But it was worth it for the style of the things.


I’m pretty sure the ad agency behind this had a huge argument over whether the model should just be naked, or pregnant in the kitchen. But, ultimately, they went for the sexy. I presume this is the same ad agency that bought us the original album cover for Spinal Tap’s “Smell the Glove”.


In the 1970s, violinists were well known to be sexually liberated, as indicated by the exposed…um…cleavage. In fact, breasts are an ongoing theme of 1970s. For example:


Barely restrained cleavage was all the rage, mainly because the women’s liberation movement had made a big deal of publicly burning their bras. Bras just weren’t very popular back then.


Indeed, even if you did wear a bra, you might want everyone to think that you weren’t.

But, by 1982, women went back to wearing bras regularly, probably because they didn’t want their breasts to look like one of those Eleganza collars by the time they were 40.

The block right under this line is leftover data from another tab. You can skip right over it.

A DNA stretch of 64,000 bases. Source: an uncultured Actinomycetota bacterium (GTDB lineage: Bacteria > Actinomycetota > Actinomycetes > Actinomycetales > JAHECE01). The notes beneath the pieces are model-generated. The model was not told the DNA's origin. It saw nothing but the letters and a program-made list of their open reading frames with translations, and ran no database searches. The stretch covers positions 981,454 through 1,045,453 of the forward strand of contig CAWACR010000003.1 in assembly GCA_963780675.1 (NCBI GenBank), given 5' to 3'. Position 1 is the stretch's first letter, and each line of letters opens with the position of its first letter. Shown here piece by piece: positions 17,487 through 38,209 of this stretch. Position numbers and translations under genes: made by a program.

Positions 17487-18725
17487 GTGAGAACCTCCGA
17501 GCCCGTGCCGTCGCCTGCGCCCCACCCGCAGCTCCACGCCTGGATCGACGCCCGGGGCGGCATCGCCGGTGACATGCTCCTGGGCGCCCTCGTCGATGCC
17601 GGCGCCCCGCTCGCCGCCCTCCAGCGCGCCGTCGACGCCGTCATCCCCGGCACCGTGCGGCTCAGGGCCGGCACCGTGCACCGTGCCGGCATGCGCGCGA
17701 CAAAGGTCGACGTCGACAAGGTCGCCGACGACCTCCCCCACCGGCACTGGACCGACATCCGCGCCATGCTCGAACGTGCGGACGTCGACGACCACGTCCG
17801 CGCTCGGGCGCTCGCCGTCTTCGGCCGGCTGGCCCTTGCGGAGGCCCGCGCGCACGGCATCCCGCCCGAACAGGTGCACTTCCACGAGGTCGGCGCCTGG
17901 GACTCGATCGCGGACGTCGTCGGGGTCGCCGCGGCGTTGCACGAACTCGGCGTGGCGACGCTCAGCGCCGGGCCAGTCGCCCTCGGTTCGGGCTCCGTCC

You don’t see ads like this much, anymore. But, in the 1970s, this was occasionally a problem, mainly because of the extraordinarily large expanses of pubic hair that prevailed at the time. Seriously, most people, even when they were completely nude, looked like they were still wearing board shorts made of fur. In these modern times, we’ve pretty much sculpted this problem away.


On the other hand, an excessive amount of hair was not a sexual disqualifier in the 1970s.

Nor was anything else, really. Not even this short-pants leisure suit, which would make a modern woman as dry as the Sahara.